by kathryn629 on July 13, 2016
by kathryn629 on May 5, 2016
Regarding children, when used as directed, essential oils are safe for the entire family. However, when beginning essential oil use for any age group, it is recommended that you follow some simple guidelines. Start off using the oils aromatically or topically, diluting to prevent sensitivities. One drop of essential oil to four or five drops of a carrier oil is a good ratio for young children. Start with a single oil to address the immediate need, then try something else at a later time to determine what works best. Remember, young children need less oil because of their lower body mass. Avoid contact with eyes, inner ears and nose, and sensitive areas. Finally, all doTERRA essential oils labeled for internal use are on the Generally Recognized as Safe (GRAS) list, but consult with a physician before using oils internally with young children, and to avoid accidental ingestion, keep out of reach of children.
by kathryn629 on March 15, 2016
Researchers at Huntsman Cancer Institute in Utah were one of the first to discover that sugar is essential for tumor development. Their research was published in the journal Proceedings of the National Academy of Sciences. In the words of Don Ayer, Ph.D., a professor in the Department of Oncological Sciences at the University of Utah “It’s been known since 1923 that tumor cells use a lot more glucose than normal cells. Our research helps show how this process takes place, and how it might be stopped to control tumor growth.”
So far a number of studies have confirmed that people with the highest levels of blood glucose develop more cancers, and that people with cancer, who also have the highest blood levels of glucose, survive least.
by kathryn629 on February 9, 2016
80% of all cut flowers sold in the US are grown in South America and travel thousands of miles before you ever see them. As many as 97% of Valentine’s Day roses will be imported. US Customs requires imported flowers to be pest-free, in order to protect US agriculture from pests that local crops have not adapted to. To ensure they are not carrying unwelcome pests, most cut flowers arrive saturated with up to 50 times the pesticides and fungicides permitted on food crops. Often, these include chemicals that are banned in the US, but not regulated in flower-exporting countries.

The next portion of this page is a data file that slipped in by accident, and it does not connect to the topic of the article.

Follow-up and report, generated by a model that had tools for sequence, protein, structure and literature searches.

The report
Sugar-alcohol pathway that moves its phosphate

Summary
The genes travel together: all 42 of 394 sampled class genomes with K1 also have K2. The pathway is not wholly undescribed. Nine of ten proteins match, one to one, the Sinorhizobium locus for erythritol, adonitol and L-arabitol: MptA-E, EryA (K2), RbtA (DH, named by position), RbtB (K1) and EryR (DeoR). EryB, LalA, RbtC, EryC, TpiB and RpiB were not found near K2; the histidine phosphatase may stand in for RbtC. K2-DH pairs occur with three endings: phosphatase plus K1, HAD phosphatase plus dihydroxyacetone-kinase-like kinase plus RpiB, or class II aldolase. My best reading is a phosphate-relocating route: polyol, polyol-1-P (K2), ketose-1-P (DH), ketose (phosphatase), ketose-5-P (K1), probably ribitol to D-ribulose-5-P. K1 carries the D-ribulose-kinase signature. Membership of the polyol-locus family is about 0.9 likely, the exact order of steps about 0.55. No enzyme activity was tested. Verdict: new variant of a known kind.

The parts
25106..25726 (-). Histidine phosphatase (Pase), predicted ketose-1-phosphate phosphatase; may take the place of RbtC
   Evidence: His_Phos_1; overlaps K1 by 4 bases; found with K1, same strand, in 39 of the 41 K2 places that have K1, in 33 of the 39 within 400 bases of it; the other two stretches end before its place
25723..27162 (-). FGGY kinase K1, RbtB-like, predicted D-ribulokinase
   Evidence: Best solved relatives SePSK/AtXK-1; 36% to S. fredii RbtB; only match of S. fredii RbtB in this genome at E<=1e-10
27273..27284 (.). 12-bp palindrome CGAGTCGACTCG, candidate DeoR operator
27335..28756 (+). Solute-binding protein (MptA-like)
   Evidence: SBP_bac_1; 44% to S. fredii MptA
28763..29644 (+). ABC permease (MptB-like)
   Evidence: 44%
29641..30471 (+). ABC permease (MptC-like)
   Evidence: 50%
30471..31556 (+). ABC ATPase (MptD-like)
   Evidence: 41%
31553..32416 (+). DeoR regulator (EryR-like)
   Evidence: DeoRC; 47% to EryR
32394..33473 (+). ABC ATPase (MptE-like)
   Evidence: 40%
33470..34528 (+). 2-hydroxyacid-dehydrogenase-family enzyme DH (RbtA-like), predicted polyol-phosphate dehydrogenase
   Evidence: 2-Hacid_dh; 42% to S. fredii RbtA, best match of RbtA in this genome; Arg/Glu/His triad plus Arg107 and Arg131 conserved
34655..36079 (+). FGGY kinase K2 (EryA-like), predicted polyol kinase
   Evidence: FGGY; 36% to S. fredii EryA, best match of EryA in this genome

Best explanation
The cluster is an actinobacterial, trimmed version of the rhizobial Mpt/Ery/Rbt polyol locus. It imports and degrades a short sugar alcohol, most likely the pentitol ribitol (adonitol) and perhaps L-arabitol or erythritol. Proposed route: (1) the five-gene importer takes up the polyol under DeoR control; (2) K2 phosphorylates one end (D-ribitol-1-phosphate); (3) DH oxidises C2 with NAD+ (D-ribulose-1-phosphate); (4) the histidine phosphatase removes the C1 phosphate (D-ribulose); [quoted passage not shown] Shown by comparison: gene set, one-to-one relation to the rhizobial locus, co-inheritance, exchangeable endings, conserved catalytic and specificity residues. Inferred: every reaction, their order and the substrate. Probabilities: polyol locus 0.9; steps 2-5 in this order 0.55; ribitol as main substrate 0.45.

That’s probably not what you want to send your Valentine! Fortunately, there’s a growing movement, echoing our demand for local and organic foods, to help us find and buy locally grown and sustainably produced flowers. It’s less developed than the food distribution systems, but we’ve found some reliable sources.
Best known as a resource for finding local farmers’ markets, community-supported agriculture, and organic food related businesses, Local Harvest also offers a terrific directory of local and organic flower growers. The flowers grown by Local Harvest family farmers are fresher than imported flowers, healthier for the people who grow them and the people who receive them, and healthier for our environment.
Veriflora certifies that the flower growers, distributors and florists it approves offer “only the highest quality products, produced with rigorous environmental accountability, … addressing the health and well-being of workers, their families and communities.” The program is administered by a global third-party certifier of environmental, sustainability and agricultural product quality claims:
establishing significant greenhouse gas reduction and energy efficiency goals,
- See more at: http://www.greenerdailylife.com/blogs/valentine-flowers-organic/#sthash.vodwAPtu.dpuf